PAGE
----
Innovation and technology hubs have been springing up across the continent in recent years. From Hive Colab in Uganda, to iHub in Kenya and to kLab in Rwanda, these ICT hubs were founded in an effort to catalyse tech and innovation by establishing a common space for knowledge transfer and resource sharing for Africa’s aspiring and tech savvy entrepreneurs. [hidepost=9][/hidepost]
According to Hilda Moraa, a senior researcher at iHub in Kenya who spoke at the AfricaCom conference in South Africa last month, the hubs are growing at a tremendous rate. “Currently we have more than 90 hubs in Africa and the number just keeps on growing. According to the latest statistics that I saw, in every two weeks there is a new hub starting in Africa. And what does that mean? Are we saying that this is the best way to build entrepreneurship and youth development in Africa?”
An ICT hub, said Moraa, is a co-working space where tech-orientated individuals congregate to network, share ideas, work, programme and design. She described these hubs as being pre-incubators of entrepreneurial ideas.
However, because these innovation hubs are relatively new on the continent, it is difficult to tell yet if they are successful in their goal of preparing and turning out techpreneurs and commercial business ideas.
“We have been conducting a research study to understand clearly how these hubs work and who is actually doing the right thing; we don’t know because most of them are in their early stages,” explained Moraa. “So it’s very difficult to know who is doing the right thing, who has the best model to scale, who has the best sustainability practices in place that other hubs can [use as a tool kit to grow].”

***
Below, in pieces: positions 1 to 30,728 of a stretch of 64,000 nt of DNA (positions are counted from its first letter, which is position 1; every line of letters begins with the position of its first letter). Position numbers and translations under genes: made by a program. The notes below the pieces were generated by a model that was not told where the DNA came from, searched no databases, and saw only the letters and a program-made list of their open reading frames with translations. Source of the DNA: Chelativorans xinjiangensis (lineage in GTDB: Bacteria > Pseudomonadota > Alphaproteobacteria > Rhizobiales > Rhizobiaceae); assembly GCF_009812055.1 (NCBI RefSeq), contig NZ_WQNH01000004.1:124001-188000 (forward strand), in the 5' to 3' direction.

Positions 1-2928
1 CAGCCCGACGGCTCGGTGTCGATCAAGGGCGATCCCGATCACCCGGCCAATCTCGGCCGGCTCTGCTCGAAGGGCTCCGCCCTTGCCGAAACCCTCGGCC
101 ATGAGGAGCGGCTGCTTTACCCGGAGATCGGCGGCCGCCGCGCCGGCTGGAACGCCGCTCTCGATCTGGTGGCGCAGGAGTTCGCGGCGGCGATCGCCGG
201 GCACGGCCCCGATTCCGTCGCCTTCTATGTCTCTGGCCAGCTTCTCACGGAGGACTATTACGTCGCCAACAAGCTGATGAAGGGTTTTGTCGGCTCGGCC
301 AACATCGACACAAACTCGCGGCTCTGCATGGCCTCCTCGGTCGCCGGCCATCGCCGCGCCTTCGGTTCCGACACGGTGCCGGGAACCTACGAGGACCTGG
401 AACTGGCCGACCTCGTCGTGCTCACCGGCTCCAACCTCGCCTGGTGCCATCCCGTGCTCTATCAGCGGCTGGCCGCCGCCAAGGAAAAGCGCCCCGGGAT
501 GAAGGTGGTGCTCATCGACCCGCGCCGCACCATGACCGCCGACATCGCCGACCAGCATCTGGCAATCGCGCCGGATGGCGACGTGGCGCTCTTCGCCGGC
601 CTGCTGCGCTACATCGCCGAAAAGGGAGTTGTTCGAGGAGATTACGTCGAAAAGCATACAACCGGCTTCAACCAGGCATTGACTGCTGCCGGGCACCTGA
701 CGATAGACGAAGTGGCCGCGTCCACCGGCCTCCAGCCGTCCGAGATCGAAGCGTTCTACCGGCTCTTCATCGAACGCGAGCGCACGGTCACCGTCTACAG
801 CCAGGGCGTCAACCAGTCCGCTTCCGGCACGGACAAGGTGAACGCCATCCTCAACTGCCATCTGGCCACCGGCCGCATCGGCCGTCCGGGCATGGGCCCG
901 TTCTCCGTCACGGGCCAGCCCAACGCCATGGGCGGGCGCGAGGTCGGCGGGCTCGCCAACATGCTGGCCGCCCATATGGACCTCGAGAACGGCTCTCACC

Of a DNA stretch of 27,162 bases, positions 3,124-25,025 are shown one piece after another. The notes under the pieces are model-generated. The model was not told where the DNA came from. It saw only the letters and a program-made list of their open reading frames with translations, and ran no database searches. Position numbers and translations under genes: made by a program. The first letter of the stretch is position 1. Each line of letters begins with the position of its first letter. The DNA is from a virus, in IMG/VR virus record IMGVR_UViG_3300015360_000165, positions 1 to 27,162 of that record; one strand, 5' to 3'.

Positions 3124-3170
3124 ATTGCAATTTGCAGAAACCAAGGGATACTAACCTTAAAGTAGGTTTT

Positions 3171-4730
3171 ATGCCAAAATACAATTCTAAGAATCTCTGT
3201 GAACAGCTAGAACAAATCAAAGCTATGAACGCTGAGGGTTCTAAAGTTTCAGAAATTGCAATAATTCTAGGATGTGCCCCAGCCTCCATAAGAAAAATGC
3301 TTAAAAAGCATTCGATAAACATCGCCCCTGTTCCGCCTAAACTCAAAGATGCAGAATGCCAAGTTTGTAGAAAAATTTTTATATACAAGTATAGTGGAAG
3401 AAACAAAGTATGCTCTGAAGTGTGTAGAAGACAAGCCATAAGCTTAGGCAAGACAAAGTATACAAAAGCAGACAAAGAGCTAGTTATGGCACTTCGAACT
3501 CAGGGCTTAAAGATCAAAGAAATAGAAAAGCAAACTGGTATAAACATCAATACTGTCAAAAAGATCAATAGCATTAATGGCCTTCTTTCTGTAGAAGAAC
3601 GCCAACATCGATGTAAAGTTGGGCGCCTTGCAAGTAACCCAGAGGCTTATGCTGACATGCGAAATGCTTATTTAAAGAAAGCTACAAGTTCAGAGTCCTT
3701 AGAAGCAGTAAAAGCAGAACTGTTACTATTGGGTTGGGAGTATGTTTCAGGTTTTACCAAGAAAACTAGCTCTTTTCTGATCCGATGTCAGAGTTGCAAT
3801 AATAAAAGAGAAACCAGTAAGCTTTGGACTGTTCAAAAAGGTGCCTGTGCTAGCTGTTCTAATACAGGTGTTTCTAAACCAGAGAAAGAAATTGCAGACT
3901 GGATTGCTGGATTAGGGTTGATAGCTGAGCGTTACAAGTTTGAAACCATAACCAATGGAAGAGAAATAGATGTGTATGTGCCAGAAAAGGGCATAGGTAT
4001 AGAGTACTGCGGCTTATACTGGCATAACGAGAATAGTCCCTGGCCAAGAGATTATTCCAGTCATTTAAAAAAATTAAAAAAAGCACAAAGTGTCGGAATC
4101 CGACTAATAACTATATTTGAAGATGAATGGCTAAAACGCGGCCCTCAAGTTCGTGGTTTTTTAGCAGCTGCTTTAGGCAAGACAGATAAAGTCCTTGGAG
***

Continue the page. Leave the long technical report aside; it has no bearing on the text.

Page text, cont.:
Africa’s hubs need to collaborate
According to Moraa, the most important thing Africa’s innovation hubs can do is collaborate and learn from each other.
Many of these hubs share common challenges – such as limited resources, reliance on funding by donors and governance struggles – and while they might have different governance structures and membership models, it is necessary for them to share their successes and failures.
Moraa said it became clear from her research that most of these hubs, if not all, where looking for more partnerships with both public and private institutions, such as mobile operators and local universities who could, for example, provide market research. She added that they also need the support of government to provide research and development, as well as monitoring and evaluation programmes.
Collaboration between the different hubs is also needed to share ideas on engaging hub members. Networking events and competitions are ways of keeping members involved and inspired, while inter-hub member exchanges can allow members of various hubs in other countries to connect and share knowledge with each other.
“The road to success of these hubs is really going to be a long journey and no one up to now really knows how to do it… Most of these hubs are in the early stages and I think that the most important thing is for them to realise that they need to work with other people to build sustainable models as well as be at the centre of helping the entrepreneurs build their ventures,” added Moraa. “Because if the entrepreneur is not successful then automatically the hub is not successful.”